CATTLE: The yarding was larger by 490 head to present 1405, which consisted of a good supply of yearlings and only a few vealers, while cows dominated the grown cattle section. Quality of the young cattle was good with the largest percentage well finished 2 and 3 scores. There were some good runs of well-bred steers and heifers that were suitable for feeder and re-stocker buyers, along with suitable trade cattle. The market was probably easier for most classes of young cattle with the exception of trade heifers. All the vealer and yearling steers went to feeder and re-stocker buyers. Re-stockers were not as active this week resulting in the lighter end of the young cattle suffering the greatest loss. Re-stocker vealer steers were down by 20c, topping at 334c/kg. Medium weight feeder steers were 6c cheaper, and heavy steers were down by 15c/kg. Medium weight feeder steers averaged 326c, while heavy feeder steers sold to a top of 325c/kg. Trade yearling heifers topped at 307c, while feeder heifers were down by 3c/kg to 5c/kg, some sales more to average. The yarding of export cattle was made up mainly of cows along with a few grown steers and heifers while there was a reasonable yarding of cows. Quality of the grown steers was fairly mixed and sold according to quality. Heifers sold to a top of 285c, while the cow market was firm to 6c/kg cheaper. Medium weight cows averaged 221c and heavy cows sold to a top of 246c/kg.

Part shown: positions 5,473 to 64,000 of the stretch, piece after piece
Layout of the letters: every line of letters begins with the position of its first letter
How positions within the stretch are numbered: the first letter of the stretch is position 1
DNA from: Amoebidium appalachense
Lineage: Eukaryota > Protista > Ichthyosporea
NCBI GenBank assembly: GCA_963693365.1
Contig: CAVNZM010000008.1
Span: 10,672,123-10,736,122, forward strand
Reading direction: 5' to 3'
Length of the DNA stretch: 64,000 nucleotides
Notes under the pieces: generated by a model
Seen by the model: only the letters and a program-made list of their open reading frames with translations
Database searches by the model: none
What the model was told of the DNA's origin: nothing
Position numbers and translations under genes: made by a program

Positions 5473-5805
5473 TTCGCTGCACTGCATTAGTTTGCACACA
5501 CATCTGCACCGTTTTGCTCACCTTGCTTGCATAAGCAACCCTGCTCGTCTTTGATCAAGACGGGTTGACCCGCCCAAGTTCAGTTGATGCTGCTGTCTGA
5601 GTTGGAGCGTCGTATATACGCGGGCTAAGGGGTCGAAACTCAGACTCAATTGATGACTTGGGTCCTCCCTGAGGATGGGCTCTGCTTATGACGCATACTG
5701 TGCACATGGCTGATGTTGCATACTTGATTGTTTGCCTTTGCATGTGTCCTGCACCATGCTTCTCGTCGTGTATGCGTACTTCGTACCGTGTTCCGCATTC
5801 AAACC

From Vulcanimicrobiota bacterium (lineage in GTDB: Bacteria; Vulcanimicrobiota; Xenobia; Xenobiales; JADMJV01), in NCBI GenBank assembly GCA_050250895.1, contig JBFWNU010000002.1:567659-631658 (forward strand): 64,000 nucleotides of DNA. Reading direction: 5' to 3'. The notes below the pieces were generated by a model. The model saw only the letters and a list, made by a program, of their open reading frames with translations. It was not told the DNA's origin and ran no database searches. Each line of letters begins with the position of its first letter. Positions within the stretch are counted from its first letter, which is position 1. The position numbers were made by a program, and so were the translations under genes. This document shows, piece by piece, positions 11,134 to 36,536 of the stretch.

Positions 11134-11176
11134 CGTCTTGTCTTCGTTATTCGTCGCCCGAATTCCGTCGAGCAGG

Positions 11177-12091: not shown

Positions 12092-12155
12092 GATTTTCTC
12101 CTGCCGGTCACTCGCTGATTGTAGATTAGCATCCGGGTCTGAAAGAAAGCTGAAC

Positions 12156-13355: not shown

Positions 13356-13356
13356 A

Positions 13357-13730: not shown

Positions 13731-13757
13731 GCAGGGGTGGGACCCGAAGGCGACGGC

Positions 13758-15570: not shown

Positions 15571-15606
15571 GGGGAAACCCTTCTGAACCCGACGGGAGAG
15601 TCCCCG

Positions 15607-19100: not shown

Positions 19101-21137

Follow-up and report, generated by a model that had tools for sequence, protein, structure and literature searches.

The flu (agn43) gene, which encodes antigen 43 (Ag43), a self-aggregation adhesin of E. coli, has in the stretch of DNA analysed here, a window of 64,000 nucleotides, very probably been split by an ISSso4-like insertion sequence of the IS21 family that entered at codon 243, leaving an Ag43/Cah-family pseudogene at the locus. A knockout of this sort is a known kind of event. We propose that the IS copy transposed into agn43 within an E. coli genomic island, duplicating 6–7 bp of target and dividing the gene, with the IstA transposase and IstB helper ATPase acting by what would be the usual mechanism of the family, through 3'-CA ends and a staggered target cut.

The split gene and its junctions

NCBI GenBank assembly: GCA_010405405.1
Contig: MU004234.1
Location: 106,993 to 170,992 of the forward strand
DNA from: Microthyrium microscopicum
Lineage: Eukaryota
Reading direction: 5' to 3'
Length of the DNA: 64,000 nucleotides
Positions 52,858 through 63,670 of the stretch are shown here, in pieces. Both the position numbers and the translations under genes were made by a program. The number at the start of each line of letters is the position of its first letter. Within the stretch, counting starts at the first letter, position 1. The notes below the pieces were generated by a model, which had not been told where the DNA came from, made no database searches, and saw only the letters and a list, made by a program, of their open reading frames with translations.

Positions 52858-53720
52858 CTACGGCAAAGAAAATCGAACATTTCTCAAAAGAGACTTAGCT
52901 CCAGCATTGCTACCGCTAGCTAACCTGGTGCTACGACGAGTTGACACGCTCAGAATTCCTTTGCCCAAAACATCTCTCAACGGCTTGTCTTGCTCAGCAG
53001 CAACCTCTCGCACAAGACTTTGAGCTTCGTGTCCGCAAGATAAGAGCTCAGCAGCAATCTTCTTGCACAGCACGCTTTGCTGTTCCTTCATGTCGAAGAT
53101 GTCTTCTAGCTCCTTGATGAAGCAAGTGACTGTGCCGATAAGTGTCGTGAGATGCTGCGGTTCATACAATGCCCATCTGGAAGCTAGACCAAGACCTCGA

SHEEP:Numbers increased to 3676 head with a much larger yarding of both lambs and mutton. There was a good supply of trade and light weight lambs with also a fair number of heavy weights through the sale. Quality was good for most of the slaughter lambs and while the majority of light weights were of fair quality, the market eased, with all classes of lambs affected. Re-stocker interest was not as keen as the previous sale with some sales down by $17 per head. Light and heavy trade lambs were down by $10 per head, while heavy weights were $8 per head cheaper, although odd pens were less affected. The yarding of mutton consisted of several large drafts of sheep, showing both good quality and condition. Several lines were carrying a good skin with ewes and wethers well represented. The market was easier with most mutton selling $8/head cheaper overall from the previous sale.